Why don’t we do it beside the road?
You wouldn’t ask a carpenter how to build a happy marriage. The residents and business owners along MacArthur Boulevard between South Grand and Wabash did something similar when they asked traffic engineers how to create a happy street. The boffins at the Illinois Department of Transportation spent two years examining alternative ways to solve that blighted corridor’s many problems. (IDOT has a say in the future of MacArthur because that stretch of the street is a state highway.) The results of that review were revealed the other night, to yawns. Only the most ambitious of them called for rebuilding. None showed much evidence of a rethinking.
IDOT’s job, of course, is to design and build highways. From the department’s point of view, any changes that are likely to make the street a superior urban thoroughfare will make it an inferior highway. The engineers assumed that the role of the street is to move people through the corridor (although these days they also acknowledge that some might do so on foot or on bikes) but a good neighborhood street is one people like to linger on. The engineers further were obliged to prescribe only for the existing right of way or a wider one carved out of adjacent properties that could accommodate sidewalks and bikeways separate from the roadway. The latter option solves the city’s problem with MacArthur but not that of people who live nearby. They are less interested in moving through the street than in getting across it, and widening would only make crossing more challenging.
What’s needed is not an improved MacArthur but an alternative to it. If cyclists and walkers can’t be put in the roadway, why not put them somewhere else, such as the alleys that back the properties between Laurel and Wabash? To the complaint that you can’t expect cyclists and walkers to share a narrow ROW with trucks and cars, I reply that they do it all the time on city streets. If anything, the fact that alleys are more crowded than MacArthur makes them safer, because they are obviously dangerous, which makes everyone (including cyclists and walkers) more alert.
There also are thousands of square yards of underused private space along that corridor, most of it in the form of seldom used parking spaces on the street side of lots. IDOT did traffic counts, but I’d like to see a count of the parking spaces along that street which go unused most or all of the time. Does every establishment need its own lot? Do those lots really need to be so big? (Does AutoZone need 40 spaces? Fritz’s Wagon Wheel more than 90?) Is it too much to expect that larger owners might, for the good of the street, sacrifice some of the parking spaces farthest from their doors by donating easements for use as bike/pedways? Might work, might not, but it would be interesting to see some imagination employed to exploring the possibilities. You’d end up with a circuitous ramble that would go in and out and ’round about as it skirted unmoveable obstructions, but getting there, as people used to say, is half the fun.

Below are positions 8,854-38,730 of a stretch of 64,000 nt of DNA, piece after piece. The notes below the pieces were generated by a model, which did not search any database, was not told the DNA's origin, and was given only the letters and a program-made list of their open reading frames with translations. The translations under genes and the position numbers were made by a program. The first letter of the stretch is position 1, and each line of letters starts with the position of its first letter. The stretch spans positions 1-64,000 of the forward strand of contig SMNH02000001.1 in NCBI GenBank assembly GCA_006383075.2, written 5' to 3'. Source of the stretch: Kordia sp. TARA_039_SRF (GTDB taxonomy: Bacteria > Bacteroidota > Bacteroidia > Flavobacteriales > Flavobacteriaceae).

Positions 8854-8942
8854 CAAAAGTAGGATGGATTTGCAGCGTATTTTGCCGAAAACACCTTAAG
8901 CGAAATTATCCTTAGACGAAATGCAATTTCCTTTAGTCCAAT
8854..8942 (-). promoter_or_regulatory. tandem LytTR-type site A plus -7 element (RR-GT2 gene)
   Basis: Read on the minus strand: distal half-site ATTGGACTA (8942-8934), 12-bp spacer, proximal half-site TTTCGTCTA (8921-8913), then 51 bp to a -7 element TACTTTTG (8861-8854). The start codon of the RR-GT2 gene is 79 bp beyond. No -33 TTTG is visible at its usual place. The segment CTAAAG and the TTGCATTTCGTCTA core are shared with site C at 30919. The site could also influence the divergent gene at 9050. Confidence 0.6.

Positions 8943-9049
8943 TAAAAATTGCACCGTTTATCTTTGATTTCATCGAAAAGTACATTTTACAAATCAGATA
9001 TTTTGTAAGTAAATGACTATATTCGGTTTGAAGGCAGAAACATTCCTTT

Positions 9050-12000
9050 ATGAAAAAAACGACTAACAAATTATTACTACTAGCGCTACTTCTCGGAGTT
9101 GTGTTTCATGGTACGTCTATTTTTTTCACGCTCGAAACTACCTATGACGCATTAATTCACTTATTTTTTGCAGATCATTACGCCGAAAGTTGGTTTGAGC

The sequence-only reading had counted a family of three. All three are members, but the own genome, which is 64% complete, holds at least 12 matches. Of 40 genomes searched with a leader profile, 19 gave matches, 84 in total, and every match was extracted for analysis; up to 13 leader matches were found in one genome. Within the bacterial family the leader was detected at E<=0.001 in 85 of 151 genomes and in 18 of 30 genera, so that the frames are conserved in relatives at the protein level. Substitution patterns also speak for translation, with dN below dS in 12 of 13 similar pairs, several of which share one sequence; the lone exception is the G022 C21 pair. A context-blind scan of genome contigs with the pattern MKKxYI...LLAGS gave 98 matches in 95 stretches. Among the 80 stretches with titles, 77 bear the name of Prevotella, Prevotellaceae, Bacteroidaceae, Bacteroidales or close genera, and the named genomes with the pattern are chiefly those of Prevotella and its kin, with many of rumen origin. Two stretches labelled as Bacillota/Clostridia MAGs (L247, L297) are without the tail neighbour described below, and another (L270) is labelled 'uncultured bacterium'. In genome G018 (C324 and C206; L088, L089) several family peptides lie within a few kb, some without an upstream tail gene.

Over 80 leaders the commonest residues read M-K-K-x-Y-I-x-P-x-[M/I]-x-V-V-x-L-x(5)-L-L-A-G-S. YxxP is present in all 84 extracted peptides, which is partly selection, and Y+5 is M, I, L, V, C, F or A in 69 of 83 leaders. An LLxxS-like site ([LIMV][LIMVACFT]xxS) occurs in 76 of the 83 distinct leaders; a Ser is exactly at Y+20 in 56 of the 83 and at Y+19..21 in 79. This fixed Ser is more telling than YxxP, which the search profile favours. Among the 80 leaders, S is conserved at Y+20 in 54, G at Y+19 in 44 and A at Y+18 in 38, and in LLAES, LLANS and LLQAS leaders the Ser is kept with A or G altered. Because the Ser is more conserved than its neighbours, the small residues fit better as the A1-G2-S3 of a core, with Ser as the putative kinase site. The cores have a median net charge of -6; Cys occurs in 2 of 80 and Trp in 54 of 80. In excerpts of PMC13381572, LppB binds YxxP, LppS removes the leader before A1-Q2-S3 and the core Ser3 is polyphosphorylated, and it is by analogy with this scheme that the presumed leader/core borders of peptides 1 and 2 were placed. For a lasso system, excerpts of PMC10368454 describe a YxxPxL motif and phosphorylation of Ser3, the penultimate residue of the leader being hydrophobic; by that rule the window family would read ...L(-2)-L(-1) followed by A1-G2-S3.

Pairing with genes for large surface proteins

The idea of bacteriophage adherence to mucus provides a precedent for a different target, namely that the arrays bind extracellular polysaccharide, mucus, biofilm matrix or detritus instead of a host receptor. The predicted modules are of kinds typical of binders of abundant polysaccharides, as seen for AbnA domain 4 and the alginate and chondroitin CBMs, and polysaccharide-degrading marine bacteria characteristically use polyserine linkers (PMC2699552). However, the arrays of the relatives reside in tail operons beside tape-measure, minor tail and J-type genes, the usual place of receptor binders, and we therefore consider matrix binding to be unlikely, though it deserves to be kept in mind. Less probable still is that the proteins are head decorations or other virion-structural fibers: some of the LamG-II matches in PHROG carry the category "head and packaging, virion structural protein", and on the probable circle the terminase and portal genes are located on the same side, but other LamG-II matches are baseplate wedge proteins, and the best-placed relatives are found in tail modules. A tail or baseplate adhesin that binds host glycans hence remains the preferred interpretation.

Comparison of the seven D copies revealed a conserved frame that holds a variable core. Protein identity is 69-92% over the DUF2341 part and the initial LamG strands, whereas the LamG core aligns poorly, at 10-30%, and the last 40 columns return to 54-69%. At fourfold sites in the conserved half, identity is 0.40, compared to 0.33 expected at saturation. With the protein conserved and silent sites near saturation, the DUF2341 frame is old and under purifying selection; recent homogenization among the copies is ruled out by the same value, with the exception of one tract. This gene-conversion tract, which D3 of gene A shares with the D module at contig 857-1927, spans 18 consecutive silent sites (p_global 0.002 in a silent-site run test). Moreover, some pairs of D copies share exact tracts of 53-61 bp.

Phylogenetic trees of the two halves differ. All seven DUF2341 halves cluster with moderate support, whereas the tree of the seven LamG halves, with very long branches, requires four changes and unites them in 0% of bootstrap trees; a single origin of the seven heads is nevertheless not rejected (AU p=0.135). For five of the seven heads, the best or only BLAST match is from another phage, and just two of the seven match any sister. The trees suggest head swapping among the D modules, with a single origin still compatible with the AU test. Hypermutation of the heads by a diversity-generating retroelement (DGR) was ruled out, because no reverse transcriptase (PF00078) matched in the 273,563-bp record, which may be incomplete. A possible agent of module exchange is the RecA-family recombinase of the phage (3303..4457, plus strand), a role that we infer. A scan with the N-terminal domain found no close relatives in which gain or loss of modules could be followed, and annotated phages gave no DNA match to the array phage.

An affordable plan of street-only improvements seems possible – maybe a few bump-outs to make crossing easier, rebuilt curbs, fewer driveway cuts, fewer weeds. But while fixing up the roadway won’t hurt, it won’t solve MacArthur’s larger problem, because the problem is not the roadway. This stretch of MacArthur is, as Henry Mencken once wrote about Pennsylvania coal towns, a scene that lacerates the eye. It’s like a prosperous city commercial district has been blown up, leaving broken fragments scattered for blocks all around. No wonder drivers speed past.
If you can’t make it beautiful, I say, make it invisible. How? Trees. Trees offer redemption for ill-planned and ill-built cities. And when I say trees, I mean hundreds of them. Turn the place into a grove, with trees planted in rows lining the street and in bunches off the street, ringing every small parking lot and growing in islands within the larger ones.
Fixing a road is not the same as fixing a street. The first is an engineering construct, the second a social one. MacArthur the road was ruined by city governments in thrall to traffic engineering. MacArthur the street was ruined by a lot of indifferent or uninformed decisions made over many years by many private land owners. If it is to be reborn, it will have to be the result of lots of involved and informed decisions by those same owners.
Contact James Krohe Jr. at CaptBogue@outlook.com.